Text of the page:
... smaller craft. While Sir Henry Clinton landed his troops on Long Island Sir Peter undertook to attack the fort, which was commanded by Colonel Moultrie. General Lee, however, with a large force, had by rapid marches advanced to the protection of the city. The Thunder-bomb began the action, during which the Sphinx, Syren, and Actaeon ran foul of each other and got on shore. The two first hauled off, but the Actaeon remained, and was ultimately abandoned and burned. The fire was most ...
— Hurricane Hurry • W.H.G. Kingston

... cast a bomb into the council. Every man there and all the thousands in camp knew that railroad ties cost several dollars each; that wages were abnormally high, often demanded in advance, and often paid twice; that parallel with ...
— The U.P. Trail • Zane Grey

... the other. "Nothin' behind the curtain now but a nice assortment of bomb craters. ...
— Criminal Negligence • Jesse Francis McComas

... Destroyer, which embodies, in greatly improved form, many of the features of your own Government's guided missile Marxist Victory. Naturally, your own scientific warfare specialists have detected the release of energy incident to the explosion of our own improved thorium-hafnium interaction bomb; this bomb was exploded over the North Polar ice cap, about two hundred miles south of the Pole, on about 35 degrees East Longitude, almost due north of your capital city of Moscow. The launching was made from ...
— Operation R.S.V.P. • Henry Beam Piper

... appeared a green horse. It had twelve hoofs and three heads, and from the latter it could spit forth fire, bomb-shells, and cannon-balls respectively. The Frog then gave the prince a sword, eight yards long and no heavier than a feather, and a garment fashioned out of a single diamond. This he slipped on like a coat, and though it was hard as rock it ...
— Old-Time Stories • Charles Perrault

... necessary to have money and there were no other way than to work in one of those factories that produce bomb-shells, would you go?" ...
— Pierre and Luce • Romain Rolland

... the trees, and a dozen children were running and laughing round a "pretty Poll," who scolded at them all. Mrs. Emerson was flitting like the spirit of a Lady Abbess in and out, in winged lace headdress and black silk. Your letter was a bomb of joy to me last evening.—I have taken heaps of your clothes to mend. What a rag-fair your closet was—and you did not tell me! Mrs. Alcott brought me some beer made of spruce only, and it was ...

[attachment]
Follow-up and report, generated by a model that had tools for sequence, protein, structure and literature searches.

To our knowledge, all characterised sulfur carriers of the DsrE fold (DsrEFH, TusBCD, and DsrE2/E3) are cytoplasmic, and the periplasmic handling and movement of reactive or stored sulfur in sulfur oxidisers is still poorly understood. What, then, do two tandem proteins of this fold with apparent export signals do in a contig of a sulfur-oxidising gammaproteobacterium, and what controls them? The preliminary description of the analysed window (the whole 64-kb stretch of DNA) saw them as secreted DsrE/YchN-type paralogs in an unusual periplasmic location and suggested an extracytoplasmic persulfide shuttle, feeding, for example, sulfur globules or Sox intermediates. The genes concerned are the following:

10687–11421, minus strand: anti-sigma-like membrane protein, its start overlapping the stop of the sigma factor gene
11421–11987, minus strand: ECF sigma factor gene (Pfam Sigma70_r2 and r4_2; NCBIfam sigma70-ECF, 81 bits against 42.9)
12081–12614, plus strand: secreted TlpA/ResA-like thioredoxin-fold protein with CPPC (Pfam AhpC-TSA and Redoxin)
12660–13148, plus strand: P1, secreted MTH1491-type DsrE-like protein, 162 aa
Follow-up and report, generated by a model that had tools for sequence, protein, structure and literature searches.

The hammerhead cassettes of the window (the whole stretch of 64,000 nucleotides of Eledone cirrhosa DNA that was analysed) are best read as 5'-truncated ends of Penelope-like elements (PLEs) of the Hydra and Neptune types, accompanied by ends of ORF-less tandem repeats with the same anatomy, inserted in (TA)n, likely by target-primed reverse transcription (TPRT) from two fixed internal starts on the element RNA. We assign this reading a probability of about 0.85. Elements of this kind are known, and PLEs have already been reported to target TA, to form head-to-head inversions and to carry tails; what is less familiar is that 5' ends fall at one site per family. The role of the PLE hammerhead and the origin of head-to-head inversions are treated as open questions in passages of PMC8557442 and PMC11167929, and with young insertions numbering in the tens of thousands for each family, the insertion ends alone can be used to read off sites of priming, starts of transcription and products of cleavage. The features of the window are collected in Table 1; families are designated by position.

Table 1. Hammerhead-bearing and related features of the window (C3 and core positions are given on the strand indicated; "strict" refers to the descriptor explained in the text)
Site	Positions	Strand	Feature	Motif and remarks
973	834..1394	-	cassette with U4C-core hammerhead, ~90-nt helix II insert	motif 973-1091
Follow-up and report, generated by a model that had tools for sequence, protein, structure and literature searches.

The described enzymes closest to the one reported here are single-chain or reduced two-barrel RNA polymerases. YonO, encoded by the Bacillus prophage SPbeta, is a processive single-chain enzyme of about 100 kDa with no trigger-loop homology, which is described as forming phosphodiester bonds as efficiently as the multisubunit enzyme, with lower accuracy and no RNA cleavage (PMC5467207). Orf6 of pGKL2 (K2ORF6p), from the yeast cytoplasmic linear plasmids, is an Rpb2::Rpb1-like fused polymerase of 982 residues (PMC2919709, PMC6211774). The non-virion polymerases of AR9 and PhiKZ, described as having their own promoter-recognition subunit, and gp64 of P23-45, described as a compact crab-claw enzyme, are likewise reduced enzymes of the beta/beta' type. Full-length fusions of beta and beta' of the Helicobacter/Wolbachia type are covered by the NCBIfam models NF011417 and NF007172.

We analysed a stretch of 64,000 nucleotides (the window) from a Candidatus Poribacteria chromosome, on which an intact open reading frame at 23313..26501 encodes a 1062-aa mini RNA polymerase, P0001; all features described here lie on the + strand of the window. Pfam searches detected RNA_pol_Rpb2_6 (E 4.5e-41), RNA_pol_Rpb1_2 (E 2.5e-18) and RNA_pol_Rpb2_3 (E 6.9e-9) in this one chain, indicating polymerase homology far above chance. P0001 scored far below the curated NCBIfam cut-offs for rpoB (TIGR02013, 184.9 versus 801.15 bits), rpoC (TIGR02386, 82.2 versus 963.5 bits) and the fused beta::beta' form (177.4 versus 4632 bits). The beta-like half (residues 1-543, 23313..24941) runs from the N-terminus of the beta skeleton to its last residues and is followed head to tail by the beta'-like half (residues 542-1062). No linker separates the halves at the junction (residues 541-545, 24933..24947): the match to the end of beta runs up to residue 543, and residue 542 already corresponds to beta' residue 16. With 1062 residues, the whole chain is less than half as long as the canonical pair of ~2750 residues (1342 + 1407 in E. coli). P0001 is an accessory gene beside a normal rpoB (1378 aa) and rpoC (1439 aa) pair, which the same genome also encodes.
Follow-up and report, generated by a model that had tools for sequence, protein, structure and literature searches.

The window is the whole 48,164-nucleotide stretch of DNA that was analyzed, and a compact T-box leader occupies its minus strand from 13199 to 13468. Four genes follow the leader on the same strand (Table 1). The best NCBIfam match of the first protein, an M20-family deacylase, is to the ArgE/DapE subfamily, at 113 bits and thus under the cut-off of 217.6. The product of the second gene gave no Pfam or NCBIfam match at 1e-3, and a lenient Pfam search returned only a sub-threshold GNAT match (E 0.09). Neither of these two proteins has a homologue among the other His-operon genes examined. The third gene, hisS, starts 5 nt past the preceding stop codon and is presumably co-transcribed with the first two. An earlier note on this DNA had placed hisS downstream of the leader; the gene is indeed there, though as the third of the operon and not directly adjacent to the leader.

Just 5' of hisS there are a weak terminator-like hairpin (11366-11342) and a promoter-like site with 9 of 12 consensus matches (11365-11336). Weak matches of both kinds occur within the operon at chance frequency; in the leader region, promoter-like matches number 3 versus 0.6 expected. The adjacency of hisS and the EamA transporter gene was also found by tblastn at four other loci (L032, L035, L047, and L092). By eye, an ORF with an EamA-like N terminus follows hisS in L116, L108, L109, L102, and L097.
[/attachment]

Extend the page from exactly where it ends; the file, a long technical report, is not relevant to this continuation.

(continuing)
— Memories of Hawthorne • Rose Hawthorne Lathrop

... is that Uhlans were arriving in the town, and that it wasn't safe for women; I don't know if the hospital were receiving wounded or not. Yes, they were. Another rumour to-day says that No.— Field Ambulance has been wiped out by a bomb from an aeroplane. Another rumour says that one regiment has five men left, and another one man—but most of these stories turn ...
— Diary of a Nursing Sister on the Western Front, 1914-1915 • Anonymous

... us, a nameless terror. She stands with her back against a table, nonchalant and smilingly defiant, unwilling to return to the music hall with her former partner, but pleasantly jocular in her refusal. Stung into anger, he hurls his last bomb. Zaza is smoking. As she listens to the cruel words the corner of her mouth twitches, the cigarette almost falls. That is all. There is a moment's silence unbroken save by the heartbeats of her spectators. Even the babies which mothers bring ...
— The Merry-Go-Round • Carl Van Vechten



Words linked to "Bomb" :   cruise missile, weaponry, weapons system, Fugo, fizzle, atomise, incendiary, calorimeter, incendiary bomb, arms, blast, depth charge, bust, nuke, firebomb, daisy cutter, smoke grenade, plutonium bomb, atomize, pass, megaton bomb, implements of war, assail, thermonuclear bomb, infernal machine, grenade, explosive device, gas shell, shell, zap, flop, Guided Bomb Unit-28, munition, attack